Hump Day fine dining!!! I should have spent the evening getting my ass kicked at Fierce45 (Lagree method = pilates on steroids, google it), but instead, B and I took a stroll down to Pearl Street and bought a bottle of wine. Because that’s how we cook.
Since moving to Colorado I have not been super impressed with the farmer’s market scene, especially when I scroll back through photos of produce from the Union Square farmer’s market (I’m referring to NYC, in case you’re not in the know). I miss those mountains of picturesque rainbow carrots, greens and the stand with the garlic. And let’s be real, the Cherry Creek market has become a) a gathering of food trucks and b) a hassle when you need to go to Bed Bath & Beyond (only when there’s enough time). https://www.youtube.com/watch?v=VASzXVS9pTw
And then my dad took me flying this weekend (see below, that’s the SuperCub 5-7-Lima). One of his frequent stops is the family farm, where my Uncle John lives. Apparently, my dad buzzes my uncle (flies really low, close to his house), and by the time my dad circles the plane around and lands on the well-made dirt runway, my uncle, aunt, and their lovely puppy show up in a 4-wheeler, ready to cart your ass either to their house, or the big garden. What lovely service, and accommodating hosts! 🙂
The big garden. I am such an idiot. I come from a long line of farmers. My uncle John still lives on the Cordes farm. For years, they have worked on this glorious garden, and my dad brings back more produce than you can shake a stick at. I felt so ashamed that I’d forgotten this wonder of nature that my family worked so hard to create. Rows of corn, peppers, potatoes, beets, green beans, herbs, carrots, cucumbers, watermelons, squash. Literally anything you could want. Jesus, pull your ass out of your head, Katie.
I have a generous family – I fly in, get to raid the garden without having put in a lick of work, load the produce into the SuperCub, and fly back to Denver.
So today I decided to use the beets I came home with. Googling Mimi Thorrison (I may have been at work when I did this), I came across the below recipe for a beetroot and Jerusalem artichoke salad.
Beetroot & Jerusalem artichoke salad
2 large beetroot peeled & cooked
6 small Jerusalem artichokes (topinambours), peeled
½ head of red cabbage
2 shallots, sliced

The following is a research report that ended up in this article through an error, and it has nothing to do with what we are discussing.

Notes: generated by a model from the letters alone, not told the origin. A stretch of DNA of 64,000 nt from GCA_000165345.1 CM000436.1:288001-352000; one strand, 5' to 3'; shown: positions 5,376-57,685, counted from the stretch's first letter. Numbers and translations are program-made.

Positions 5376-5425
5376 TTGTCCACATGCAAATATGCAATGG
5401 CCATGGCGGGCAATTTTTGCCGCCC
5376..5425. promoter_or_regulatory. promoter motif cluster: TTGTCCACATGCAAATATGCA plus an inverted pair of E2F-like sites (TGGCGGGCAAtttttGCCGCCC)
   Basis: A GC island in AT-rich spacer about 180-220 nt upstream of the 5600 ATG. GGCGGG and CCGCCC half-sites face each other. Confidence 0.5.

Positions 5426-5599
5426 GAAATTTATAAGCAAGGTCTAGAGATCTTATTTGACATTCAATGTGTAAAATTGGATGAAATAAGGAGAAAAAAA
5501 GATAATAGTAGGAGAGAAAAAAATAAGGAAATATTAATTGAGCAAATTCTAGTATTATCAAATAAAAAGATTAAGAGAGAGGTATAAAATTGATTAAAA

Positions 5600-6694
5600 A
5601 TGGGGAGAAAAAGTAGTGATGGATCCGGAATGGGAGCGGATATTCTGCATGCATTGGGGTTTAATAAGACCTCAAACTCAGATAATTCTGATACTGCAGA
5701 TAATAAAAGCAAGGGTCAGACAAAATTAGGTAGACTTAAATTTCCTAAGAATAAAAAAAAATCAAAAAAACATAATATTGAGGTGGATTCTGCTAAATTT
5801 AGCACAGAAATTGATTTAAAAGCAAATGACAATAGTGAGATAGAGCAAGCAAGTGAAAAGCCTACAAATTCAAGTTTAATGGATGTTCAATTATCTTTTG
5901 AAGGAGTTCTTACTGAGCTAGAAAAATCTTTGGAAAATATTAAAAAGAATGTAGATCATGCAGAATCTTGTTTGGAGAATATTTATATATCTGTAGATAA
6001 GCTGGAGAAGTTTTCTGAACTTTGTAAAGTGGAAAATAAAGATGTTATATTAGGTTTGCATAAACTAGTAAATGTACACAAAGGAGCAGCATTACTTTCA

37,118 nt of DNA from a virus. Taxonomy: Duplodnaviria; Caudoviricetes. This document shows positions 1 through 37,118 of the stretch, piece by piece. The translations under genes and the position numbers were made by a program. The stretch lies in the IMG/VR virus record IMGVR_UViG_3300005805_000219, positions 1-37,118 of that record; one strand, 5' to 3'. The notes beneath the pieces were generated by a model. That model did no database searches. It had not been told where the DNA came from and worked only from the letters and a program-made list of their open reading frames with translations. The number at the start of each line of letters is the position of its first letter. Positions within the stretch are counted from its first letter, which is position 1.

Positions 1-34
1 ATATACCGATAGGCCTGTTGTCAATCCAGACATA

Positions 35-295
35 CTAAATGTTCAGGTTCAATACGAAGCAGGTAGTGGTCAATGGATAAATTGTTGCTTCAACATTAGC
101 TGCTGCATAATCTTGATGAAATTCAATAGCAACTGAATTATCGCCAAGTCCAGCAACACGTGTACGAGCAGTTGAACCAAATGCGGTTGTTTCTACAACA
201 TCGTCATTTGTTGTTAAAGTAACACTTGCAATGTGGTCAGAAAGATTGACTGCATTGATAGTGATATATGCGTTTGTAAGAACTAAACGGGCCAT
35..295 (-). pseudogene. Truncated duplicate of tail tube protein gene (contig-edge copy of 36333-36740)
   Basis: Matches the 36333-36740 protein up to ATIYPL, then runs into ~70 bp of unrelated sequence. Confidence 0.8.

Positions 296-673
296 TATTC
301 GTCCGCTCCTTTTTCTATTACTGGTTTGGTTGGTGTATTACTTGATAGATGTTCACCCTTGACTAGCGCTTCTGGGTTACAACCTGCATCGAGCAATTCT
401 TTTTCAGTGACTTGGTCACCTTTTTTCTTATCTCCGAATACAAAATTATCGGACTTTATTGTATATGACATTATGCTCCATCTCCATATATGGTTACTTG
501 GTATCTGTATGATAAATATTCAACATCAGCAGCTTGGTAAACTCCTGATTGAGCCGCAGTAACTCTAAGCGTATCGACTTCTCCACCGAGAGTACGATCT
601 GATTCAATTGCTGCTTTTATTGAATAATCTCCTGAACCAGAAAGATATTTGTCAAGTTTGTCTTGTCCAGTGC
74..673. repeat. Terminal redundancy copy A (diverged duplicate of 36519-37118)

A few sprigs of chives, finely chopped
4 slices Bigorre black pig bacon, finely sliced (alternatively, if you can’t find this variety, choose a good-quality bacon)
Coarse sea-salt & black pepper
Slice the beetroot (peeled and cooked) into ¼ inch slices.
Place the ‘Bigorre’ bacon slices on a frying pan, pre-heated on a medium heat. Cook on both sides until crispy and golden. Set aside on kitchen paper to absorb excess fat.
Pre-cook the Jerusalem artichokes in salted boiling water and 1 teaspoon of bicarbonate of soda (a little trick I learnt to ease digestion) for 10 minutes. Drain and set aside. Slice into rondelles.
Slice the red cabbage finely and place in a bowl. Season with salt and pepper and drizzle with 1 tablespoon of olive oil and a 2-3 teaspoons of balsamic vinegar. Set aside.
Heat 1 tablespoon of olive oil in a pan on a medium heat. Cook shallots for 3 to 4 minutes, add the Jerusalem artichoke slices and cook for a few minutes on each side until slightly golden. You want to keep them al dente. Set aside.
In the same pan, add a little bit of olive oil and gently cook the beetroot slices on both sides for 2 minutes.
Place the beetroot slices on a plate, add the Jerusalem artichokes and shallots. Scatter the red cabbage all over, sprinkle finely chopped chives and place the slice of fried ‘Noir de Bigorre’ bacon (or a lovely piece of bacon) on top. Just before serving, drizzle a few drops of olive oil and balsamic vinegar. Season to taste.
The blog post associated with this recipe is lovely – cute family living in France, going out to pick a Christmas tree, decorating it, and effortlessly sitting down to dinner.
Nothing about this is hard, but the time for cooking the beets was NOT included (at least an hour), and in an effort to reduce heat and conserve dirty pans, I used the same pot to cook the beets, as well as the Jerusalem artichokes. Big mistake. Big. Huge.
Okay, it wasn’t that bad, but it took ages to get everything ready.
Pretty ingredients with a pretty glass of Rose ❤
Look at those beautiful, Cordes-grown beets!!! YUM.
So what I loved about this recipe was that I got to use my beets, and I got to learn about Jerusalem artichokes. WHY IS THIS THE FIRST TIME I HAVE EVER EATEN JERUSALEM ARTICHOKES?!?! As an artichoke aficionado, my mind is boggled that I have never had the joy of these babies gracing my taste buds with their presence.
That said, this was a weird salad. I really do not understand the addition of red cabbage. I’m guessing it was an attempt to balance the salad, but I think we’d be better served with the beetroot and the Jerusalem artichokes on a bed of arugula or mixed greens. So strange. Delicious, but strange. Also, I”m not sure if it was a function of the fact that I got my chives from Sprouts, but they seemed a little lost. And definitely you do not need to add more olive oil and balsamic at the end, as the recipe suggests.
Bacon, of course, is delicious on everything.
Paired with this lovely rose, and a bit of light reading #Francophile #iLoveMimi #wildwomen
Happy Hump Day lovers. xx